A major 40-year study on asbestos safety completed by a group of scientists at McGill University is flawed, lacks transparency and contains manipulated data says Dr. David Egilman, a professor at Brown University, health activist and longtime industry critic.

The study, which followed the health of 11,000 miners and mill workers in Quebec between 1966 and the late 1990s, is used by the Chrysotile Institute — a lobby arm funded by, overseen and closely associated with both Liberal and Conservative governments — to promote the use of asbestos overseas.

Chrysotile Institute

The Quebec Asbestos Mining Association, which later changed its name to The Asbestos Institute and then to the Chrysotile Institute, received approximately $20M in direct funding from the Canadian government since the 1980s.

According to Egilman, as the dangers of asbestos became better known in the 1960s, the industry decided to do its own research and hired Dr. John Corbett McDonald at McGill University's School of Occupational Health. Industry documents obtained by CBC News showed it wanted to conduct research similar to that in the tobacco industry, which stated that "Industry is always well advised to look after its own problems."

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Dr. David Egliman visits Thetford Mines, Que., on Oct. 22, 2011. (Alex Shprintsen/CBC)

"Doubt is their product. They just need to have a little doubt in the dialogue. OK? And doubt allows you to go in and say, OK, maybe they’re right, maybe we’re right, but nobody’s sure," says Egilman, who has been investigating the dangers of asbestos for over two decades.

Starting in the mid-1960s, McDonald headed the McGill study. The CBC has documents that show payments from the Quebec Asbestos Mining Association to McDonald and other researchers at the McGill School of Occupational Health totalling almost a million dollars from 1966 to 1972.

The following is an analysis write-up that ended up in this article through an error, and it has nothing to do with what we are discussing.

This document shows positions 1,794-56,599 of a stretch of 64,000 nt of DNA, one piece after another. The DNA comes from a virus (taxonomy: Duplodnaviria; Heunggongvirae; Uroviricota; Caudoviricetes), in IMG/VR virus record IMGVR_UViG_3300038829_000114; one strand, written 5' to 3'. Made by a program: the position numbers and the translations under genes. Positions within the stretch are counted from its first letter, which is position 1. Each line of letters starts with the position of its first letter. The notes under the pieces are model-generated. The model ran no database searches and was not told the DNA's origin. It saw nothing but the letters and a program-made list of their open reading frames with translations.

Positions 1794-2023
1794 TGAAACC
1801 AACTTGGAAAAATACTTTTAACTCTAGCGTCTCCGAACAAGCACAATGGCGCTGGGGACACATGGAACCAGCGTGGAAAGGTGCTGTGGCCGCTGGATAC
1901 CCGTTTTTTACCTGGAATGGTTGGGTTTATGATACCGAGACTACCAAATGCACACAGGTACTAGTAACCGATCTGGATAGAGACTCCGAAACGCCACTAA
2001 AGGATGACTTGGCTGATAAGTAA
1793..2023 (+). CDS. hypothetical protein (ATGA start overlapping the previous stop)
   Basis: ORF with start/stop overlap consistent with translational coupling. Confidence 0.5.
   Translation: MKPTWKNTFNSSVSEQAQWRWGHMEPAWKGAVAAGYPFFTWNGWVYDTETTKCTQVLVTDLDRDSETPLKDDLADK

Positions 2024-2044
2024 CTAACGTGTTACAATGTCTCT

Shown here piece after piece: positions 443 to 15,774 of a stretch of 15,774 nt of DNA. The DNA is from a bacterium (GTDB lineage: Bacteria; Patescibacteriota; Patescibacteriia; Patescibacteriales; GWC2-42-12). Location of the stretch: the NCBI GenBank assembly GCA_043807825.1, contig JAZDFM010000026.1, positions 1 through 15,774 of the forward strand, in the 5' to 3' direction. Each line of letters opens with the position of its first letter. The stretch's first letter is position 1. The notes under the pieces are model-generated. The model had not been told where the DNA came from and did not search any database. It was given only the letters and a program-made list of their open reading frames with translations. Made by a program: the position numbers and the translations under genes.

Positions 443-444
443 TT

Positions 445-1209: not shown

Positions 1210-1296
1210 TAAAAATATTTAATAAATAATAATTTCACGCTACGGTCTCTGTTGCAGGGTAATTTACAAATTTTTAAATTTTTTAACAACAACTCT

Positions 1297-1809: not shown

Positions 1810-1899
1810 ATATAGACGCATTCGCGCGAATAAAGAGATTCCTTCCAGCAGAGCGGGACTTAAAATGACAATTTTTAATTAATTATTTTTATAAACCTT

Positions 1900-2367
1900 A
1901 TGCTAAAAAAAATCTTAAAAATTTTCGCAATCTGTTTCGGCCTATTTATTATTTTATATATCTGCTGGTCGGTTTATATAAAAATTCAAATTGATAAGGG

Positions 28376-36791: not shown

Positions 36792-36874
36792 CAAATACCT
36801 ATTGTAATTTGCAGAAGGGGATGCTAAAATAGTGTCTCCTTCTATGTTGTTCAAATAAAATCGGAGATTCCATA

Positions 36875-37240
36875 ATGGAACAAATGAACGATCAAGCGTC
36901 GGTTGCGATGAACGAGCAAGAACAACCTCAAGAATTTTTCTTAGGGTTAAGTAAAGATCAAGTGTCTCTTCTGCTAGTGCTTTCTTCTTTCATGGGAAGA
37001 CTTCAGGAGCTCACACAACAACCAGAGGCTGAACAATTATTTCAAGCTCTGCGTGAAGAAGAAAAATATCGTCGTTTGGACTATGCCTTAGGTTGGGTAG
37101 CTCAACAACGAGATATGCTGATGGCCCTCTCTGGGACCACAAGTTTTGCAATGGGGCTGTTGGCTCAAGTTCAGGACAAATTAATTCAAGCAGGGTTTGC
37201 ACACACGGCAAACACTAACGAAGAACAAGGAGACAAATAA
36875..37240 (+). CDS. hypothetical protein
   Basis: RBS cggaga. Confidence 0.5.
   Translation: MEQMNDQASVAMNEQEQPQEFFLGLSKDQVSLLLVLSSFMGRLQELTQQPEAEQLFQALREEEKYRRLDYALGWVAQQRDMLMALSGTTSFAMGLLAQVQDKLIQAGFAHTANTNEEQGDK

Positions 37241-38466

Tremolite versus asbestos

Tremolite, an even more dangerous contaminant than chrysotile, is sometimes found alongside white asbestos or chrysotile. 

The McGill researchers would suggest in a 1997 study that cases of mesothelioma — cancer of the lining of the lung — occurred in "most, if not all," miners who had a greater exposure to tremolite and that the mines close to the centre of the town of Thetford, Que., were the ones most contaminated with tremolite.

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Dr. John Corbett MacDonald was a scientist at McGill University who offered to conduct research for the asbestos industry. (McGill University Archives)

McDonald suggested that chrysotile was "essentially innocuous" at certain levels and advocated for its export to the Third World.

Egilman, who has been a longtime critic of the study, argues that chrysotile causes mesothelioma and has called for the release of the McGill study data.

"The whole argument is based on contaminated and uncontaminated mines. And nobody knows which is which? That’s crazy," says Egilman.

Asbestos shipped across Canada

Asbestos was shipped all over Canada where it was used in many different industries. Forty per cent of Canada’s petrochemical industry is in Sarnia, Ont., and the pipes in the plants were wrapped in asbestos insulation. The overall cancer rate in the Sarnia area from 2003 to 2007 was about 10 per cent higher than the provincial average, the lung cancer rate 21 per cent higher and the mesothelioma rate six times higher. In Canada, there were 404 deaths in 2008 from mesothelioma.

Egilman is not the only expert asking to see the McGill University study data.

John Dement, an asbestos specialist at Duke University and Dr. Richard Lemen, a former assistant surgeon general in the U.S., both told CBC News that they would also like to see the information. 

Lemen said the researchers are "either hiding something or … afraid the results will be interpreted differently." 

A recent analysis sponsored by the Dutch government tried to assess the risk from asbestos for lung cancer. It looked only at "higher quality studies" and excluded the Quebec mine study "because a variety of limitations, notably insufficient job history information."